Another Blockbuster Storm Could Hit The Plains And Midwest States This Week

One month after one of the most powerful storms on record pummeled the Plains and Midwest, another storm of similar strength has been forecasted to strike the same region this week.

"Another strong storm is poised to impact the central U.S. from Colorado to the Great Lakes mid-to-late week this week, with strong winds, and heavy precipitation" reported Meteorologist and owner of Empire Weather, Ed Vallee.

"While likely not a "bomb" (requires a 24mb drop in 24 hours or less), this will be another very strong storm with significant impacts. Rain and snow will break out across South Dakota, Nebraska, and Iowa Tuesday night, and expand in coverage across the central Plains and Midwest into Wednesday. As this storm deepens, winds will be strong, gusting 40-60 mph across the Plains, leading to strong wind generation. Alternatively, heavy rain and snow will impact SD, northern NE, and MN with some areas seeing up to 2 feet of accumulation. Data points to total liquid falling from this storm ranging from 2-4", with locally higher amounts. Regardless of exact numbers, this region is moisture laden due to heavy winter rain and snow, and this additional moisture will lead to catastrophic flooding in the Upper Midwest. This will continue to promote disruptions to planting processes in the central and southern U.S., and likely lead to delays further north as we head deeper into the Spring," Vallee added.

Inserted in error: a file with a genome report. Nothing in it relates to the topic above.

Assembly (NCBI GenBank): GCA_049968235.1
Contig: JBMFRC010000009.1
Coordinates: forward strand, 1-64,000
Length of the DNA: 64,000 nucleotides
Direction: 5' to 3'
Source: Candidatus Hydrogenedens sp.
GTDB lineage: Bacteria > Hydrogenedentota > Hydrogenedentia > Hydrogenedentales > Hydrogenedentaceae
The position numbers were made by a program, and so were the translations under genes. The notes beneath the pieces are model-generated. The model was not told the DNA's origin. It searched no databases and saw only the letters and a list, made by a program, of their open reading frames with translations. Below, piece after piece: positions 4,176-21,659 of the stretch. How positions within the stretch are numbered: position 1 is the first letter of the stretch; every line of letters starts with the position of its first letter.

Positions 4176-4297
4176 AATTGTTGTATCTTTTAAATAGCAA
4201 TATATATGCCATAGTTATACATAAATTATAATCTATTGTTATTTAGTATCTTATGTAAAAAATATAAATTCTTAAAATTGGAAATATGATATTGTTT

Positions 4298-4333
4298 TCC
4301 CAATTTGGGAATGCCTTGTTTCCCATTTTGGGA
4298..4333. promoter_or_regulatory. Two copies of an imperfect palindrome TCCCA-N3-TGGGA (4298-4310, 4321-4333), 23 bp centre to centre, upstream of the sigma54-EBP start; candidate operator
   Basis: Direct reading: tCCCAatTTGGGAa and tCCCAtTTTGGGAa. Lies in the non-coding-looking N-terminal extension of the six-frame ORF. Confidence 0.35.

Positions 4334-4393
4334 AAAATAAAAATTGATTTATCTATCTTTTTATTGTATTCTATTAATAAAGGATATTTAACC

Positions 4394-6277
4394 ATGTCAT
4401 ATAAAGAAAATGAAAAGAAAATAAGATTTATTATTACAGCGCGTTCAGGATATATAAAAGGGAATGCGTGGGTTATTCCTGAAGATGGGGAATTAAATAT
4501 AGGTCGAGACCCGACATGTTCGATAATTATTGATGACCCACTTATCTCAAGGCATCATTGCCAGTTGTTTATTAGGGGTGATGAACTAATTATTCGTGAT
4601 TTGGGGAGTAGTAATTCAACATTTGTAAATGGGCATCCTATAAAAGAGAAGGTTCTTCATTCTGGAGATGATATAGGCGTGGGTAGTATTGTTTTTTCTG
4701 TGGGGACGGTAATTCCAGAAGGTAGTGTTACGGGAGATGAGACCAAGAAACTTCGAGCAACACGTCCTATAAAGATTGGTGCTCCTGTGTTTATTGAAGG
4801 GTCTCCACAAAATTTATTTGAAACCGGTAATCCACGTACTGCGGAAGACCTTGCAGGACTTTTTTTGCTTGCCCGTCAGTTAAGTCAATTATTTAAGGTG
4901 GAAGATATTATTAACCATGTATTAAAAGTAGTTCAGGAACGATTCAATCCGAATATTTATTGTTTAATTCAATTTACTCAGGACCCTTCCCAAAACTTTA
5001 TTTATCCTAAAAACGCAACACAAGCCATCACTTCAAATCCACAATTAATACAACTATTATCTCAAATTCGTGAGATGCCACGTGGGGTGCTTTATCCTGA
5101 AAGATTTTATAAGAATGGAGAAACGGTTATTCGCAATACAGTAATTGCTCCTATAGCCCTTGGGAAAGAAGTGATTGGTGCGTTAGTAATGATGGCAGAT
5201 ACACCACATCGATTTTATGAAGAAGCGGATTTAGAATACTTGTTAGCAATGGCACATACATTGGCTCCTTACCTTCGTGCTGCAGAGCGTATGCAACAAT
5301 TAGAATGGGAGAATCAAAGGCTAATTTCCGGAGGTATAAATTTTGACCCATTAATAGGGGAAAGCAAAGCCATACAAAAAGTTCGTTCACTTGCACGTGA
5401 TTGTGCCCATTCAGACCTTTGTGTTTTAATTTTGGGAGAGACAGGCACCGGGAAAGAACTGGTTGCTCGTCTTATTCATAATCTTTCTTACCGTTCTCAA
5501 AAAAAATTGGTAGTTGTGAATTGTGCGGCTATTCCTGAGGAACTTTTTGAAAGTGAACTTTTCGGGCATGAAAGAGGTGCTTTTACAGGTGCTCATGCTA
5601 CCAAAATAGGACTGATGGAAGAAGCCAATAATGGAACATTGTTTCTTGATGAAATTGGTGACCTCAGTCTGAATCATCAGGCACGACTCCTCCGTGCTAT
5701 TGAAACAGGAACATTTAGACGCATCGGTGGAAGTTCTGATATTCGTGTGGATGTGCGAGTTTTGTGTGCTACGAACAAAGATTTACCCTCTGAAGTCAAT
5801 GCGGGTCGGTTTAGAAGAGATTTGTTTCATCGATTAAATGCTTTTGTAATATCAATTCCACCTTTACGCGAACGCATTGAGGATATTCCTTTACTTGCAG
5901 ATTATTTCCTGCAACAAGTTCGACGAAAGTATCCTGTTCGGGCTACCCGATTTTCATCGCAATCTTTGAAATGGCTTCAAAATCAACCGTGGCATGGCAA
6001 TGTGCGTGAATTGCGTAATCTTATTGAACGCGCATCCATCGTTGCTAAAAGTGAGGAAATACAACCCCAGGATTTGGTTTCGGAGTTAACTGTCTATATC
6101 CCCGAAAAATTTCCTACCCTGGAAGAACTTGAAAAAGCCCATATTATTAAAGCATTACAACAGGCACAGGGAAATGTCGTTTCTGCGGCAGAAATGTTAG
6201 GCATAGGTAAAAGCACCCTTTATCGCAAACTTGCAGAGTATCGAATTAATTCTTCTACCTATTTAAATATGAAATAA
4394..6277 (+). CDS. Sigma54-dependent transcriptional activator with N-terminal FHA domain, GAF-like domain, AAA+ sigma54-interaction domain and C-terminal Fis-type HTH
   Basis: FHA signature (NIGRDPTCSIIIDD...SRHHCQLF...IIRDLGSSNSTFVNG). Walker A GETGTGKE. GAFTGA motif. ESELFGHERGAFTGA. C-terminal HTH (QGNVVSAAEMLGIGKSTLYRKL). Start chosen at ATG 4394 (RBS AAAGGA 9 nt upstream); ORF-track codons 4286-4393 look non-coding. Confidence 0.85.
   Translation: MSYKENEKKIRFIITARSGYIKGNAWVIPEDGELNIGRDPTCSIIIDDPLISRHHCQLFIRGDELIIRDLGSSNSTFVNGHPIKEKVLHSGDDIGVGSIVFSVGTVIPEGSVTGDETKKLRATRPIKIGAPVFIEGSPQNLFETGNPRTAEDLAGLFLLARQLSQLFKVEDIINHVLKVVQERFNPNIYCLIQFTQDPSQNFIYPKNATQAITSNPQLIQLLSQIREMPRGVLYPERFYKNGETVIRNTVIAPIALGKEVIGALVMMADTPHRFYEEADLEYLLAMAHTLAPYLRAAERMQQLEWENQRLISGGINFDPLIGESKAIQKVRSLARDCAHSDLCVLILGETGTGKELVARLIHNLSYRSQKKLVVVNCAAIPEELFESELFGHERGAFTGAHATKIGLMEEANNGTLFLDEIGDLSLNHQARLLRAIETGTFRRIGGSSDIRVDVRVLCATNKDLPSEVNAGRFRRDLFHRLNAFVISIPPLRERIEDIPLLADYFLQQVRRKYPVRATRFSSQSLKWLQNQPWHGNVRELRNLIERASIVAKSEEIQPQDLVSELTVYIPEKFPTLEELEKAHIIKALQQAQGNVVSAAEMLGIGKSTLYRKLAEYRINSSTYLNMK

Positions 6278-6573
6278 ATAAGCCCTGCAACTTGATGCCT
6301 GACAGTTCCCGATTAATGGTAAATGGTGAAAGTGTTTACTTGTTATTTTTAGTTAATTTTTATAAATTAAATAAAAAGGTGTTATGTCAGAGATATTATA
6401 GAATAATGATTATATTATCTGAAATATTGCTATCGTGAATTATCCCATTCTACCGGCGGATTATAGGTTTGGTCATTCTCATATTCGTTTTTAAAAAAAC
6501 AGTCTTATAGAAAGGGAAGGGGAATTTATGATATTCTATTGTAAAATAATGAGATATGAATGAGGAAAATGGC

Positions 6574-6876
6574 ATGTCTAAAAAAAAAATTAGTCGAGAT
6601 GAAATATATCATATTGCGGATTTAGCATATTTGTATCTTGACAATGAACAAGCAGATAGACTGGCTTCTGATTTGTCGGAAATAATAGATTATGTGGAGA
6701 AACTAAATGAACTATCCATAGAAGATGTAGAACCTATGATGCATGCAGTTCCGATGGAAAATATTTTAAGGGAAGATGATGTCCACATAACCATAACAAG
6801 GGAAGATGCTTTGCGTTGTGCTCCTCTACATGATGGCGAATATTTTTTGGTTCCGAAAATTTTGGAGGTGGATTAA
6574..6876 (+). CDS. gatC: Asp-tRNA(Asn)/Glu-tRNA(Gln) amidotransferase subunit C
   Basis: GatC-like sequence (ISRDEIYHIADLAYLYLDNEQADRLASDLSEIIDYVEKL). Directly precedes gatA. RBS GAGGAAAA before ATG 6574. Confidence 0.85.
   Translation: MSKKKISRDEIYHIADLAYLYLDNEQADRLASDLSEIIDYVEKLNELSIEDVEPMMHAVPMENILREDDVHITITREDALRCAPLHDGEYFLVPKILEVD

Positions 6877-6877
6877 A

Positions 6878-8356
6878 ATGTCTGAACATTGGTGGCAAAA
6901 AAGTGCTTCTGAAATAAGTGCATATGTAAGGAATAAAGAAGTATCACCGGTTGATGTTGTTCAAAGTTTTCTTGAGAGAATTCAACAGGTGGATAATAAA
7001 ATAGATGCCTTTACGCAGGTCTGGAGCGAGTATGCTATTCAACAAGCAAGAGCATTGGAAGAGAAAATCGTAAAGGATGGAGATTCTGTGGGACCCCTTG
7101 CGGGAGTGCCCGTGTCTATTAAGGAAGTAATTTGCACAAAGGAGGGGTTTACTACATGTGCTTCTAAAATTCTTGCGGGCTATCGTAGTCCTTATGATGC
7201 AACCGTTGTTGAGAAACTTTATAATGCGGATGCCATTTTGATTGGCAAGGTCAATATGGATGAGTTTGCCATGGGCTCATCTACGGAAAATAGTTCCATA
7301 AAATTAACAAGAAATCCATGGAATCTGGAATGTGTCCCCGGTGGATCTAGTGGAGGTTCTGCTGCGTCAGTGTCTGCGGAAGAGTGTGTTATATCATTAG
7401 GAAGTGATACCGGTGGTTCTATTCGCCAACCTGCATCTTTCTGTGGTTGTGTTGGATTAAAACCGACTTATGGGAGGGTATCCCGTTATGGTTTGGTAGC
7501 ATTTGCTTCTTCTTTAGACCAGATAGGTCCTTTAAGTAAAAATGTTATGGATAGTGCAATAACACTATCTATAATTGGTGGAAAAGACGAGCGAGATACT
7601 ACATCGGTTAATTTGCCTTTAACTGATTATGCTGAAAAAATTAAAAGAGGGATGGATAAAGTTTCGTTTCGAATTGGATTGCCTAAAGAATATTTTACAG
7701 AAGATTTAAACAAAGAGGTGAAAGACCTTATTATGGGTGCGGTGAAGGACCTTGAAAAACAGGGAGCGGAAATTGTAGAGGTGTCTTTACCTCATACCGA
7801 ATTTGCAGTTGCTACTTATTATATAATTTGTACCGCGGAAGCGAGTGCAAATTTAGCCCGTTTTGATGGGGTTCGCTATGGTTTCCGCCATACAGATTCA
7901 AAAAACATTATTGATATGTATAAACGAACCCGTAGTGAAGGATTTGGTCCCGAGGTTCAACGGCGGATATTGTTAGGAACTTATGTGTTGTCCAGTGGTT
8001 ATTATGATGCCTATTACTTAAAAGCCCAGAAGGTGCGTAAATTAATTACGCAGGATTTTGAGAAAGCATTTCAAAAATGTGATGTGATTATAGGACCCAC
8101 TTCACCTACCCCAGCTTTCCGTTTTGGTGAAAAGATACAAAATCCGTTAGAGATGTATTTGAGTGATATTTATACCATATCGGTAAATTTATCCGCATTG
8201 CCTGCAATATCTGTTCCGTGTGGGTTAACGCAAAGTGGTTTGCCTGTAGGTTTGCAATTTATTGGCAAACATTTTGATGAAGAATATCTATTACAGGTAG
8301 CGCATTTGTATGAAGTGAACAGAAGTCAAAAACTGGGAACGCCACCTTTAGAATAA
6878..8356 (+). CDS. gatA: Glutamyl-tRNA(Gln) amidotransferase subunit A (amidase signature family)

Vallee explains the probabilities of the storm developing into a "bomb cyclone" (an area of low pressure that drops 24 millibars in 24 hours) are low. However, some weather models are showing the storm is on the brink of becoming one. Either way, this storm is expected to unleash severe weather in the next 12 to 48 hours.

The storm is currently developing in the Rockies Tuesday, where it will quickly intensify and bring blizzard conditions to the Plains on Wednesday.

Blizzard and winter storm warnings are posted for Wyoming, South Dakota, Nebraska, and Minnesota. Arctic air will collide with the storm, could unleash up to 20 inches of snow with wind gusts of 45-50 mph in some parts.

Tuesday night temperatures in the Plains will drop 40 degrees in less than 12 hours.

By Thursday, the storm will dump heavy snow on the Midwest. Places like Minneapolis could see close to a foot.

In the warmer air to the south, heavy rains and high winds could create flooding concerns for Kansas and Nebraska. On Thursday, the storm will cross into Illinois, Indiana, Kentucky, and Tennessee. Tornadoes are likely in some parts.

Even if Vallee is right and this storm doesn't become a bomb cyclone, it's still expected to unleash hazardous weather affecting tens of millions of people while further adding to the woes of farmers in the region, who as we reported yesterday, face $100 millions in losses on destroyed crops.